This morning Sophie jumped in the shower first. As I waited for her to finish, Dad called to say that the hospice nurse had been in to see Gran and had told him that she didn't have long at all. In fact, she'd said that Gran was dying. I yelled to Sophie to hurry. I brushed my teeth, threw on a mismatched outfit, and headed out the door, with Sophie following close behind. We drove there separately since she thought she would end up working later in the day.

I drove to the nursing home at 85 mph. The highway was traffic-free, so I had no problem reaching the place quickly. Two minutes before I arrived there, I had a feeling that Gran had died. I didn't know how. I just knew. And as I rushed to her room, finding the door closed, my suspicions were confirmed. When a nursing room door is closed, they're usually hiding something distressing from the other residents. And they did keep Gran hidden from as many of them as possible, perhaps to save them from the painful realization that they, too, were all destined for Gran's fate.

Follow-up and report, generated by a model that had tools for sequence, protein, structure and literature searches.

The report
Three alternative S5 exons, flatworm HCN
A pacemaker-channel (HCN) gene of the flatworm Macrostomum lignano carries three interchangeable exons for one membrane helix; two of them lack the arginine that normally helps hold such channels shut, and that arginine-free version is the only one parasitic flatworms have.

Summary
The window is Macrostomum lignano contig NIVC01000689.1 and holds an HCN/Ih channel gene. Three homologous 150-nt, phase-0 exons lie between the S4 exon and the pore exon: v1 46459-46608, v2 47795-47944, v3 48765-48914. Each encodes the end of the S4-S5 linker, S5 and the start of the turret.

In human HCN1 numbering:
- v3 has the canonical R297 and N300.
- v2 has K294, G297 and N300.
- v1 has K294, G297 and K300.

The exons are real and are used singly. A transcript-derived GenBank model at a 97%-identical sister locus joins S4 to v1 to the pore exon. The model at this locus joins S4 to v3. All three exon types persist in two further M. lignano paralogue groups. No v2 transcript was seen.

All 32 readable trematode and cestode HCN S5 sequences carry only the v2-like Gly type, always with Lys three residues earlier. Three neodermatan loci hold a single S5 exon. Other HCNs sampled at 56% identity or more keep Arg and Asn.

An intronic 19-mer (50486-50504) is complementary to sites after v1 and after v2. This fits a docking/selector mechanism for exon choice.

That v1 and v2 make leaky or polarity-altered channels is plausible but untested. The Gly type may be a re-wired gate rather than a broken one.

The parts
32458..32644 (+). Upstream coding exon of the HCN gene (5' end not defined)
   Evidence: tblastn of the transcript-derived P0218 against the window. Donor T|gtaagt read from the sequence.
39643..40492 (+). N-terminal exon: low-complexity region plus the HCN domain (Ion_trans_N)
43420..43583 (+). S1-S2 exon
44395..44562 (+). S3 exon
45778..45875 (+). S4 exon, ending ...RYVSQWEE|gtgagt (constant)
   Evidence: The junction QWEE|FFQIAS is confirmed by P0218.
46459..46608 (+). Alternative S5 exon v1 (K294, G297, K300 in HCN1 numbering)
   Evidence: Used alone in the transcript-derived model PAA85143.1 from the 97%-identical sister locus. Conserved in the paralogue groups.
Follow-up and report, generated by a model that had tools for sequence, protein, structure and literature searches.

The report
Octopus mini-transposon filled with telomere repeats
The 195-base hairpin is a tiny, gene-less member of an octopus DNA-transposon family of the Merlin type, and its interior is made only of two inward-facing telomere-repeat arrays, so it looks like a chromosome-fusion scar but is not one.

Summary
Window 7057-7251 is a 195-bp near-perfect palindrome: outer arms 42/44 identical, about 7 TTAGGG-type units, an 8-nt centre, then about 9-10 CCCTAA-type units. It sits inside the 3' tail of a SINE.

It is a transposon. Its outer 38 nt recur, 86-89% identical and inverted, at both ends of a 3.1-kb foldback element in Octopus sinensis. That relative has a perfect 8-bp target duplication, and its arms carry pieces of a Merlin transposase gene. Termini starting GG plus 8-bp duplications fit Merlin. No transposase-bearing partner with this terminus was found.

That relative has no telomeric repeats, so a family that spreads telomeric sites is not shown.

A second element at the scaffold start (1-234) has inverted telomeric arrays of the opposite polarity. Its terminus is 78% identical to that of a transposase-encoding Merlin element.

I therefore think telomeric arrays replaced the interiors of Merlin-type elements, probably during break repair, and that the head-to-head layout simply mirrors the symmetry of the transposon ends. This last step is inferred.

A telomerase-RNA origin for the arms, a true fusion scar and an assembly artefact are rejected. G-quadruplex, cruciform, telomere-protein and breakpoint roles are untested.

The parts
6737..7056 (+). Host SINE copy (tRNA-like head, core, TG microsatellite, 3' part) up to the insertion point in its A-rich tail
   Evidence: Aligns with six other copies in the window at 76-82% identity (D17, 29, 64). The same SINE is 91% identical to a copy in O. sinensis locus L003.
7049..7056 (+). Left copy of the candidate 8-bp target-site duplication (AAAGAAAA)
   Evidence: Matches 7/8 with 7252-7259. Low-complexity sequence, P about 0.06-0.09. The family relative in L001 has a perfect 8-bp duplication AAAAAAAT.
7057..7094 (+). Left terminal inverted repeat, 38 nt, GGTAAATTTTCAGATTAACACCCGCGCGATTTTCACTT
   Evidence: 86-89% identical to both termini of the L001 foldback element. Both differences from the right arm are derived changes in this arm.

I opened the door and saw Aunt Jenna bawling, sobbing so hysterically that she was almost hyperventilating. I hugged her and firmly held her. There are no words that you can say to comfort a person who is grieving, in shock that his or her world is now completely foreign to them. So I just held her. Dad cried, too, and I didn't know what to say to him either. I approached Gran's body and saw that her eyes were slightly open, so I closed them.

Then I stared long and hard at Gran's dead face, which looked nothing like her at all. Once again I felt alienated from the body of a person who I loved. It is odd how a human being can be reduced to a pure material body when they're dead. The body is merely a vessel that carries the precious cargo of the soul. Without that divine spark that animates us, we're just strange shells. I half wanted to laugh at the absurdity of the scene. After 75 years, this is how it ended.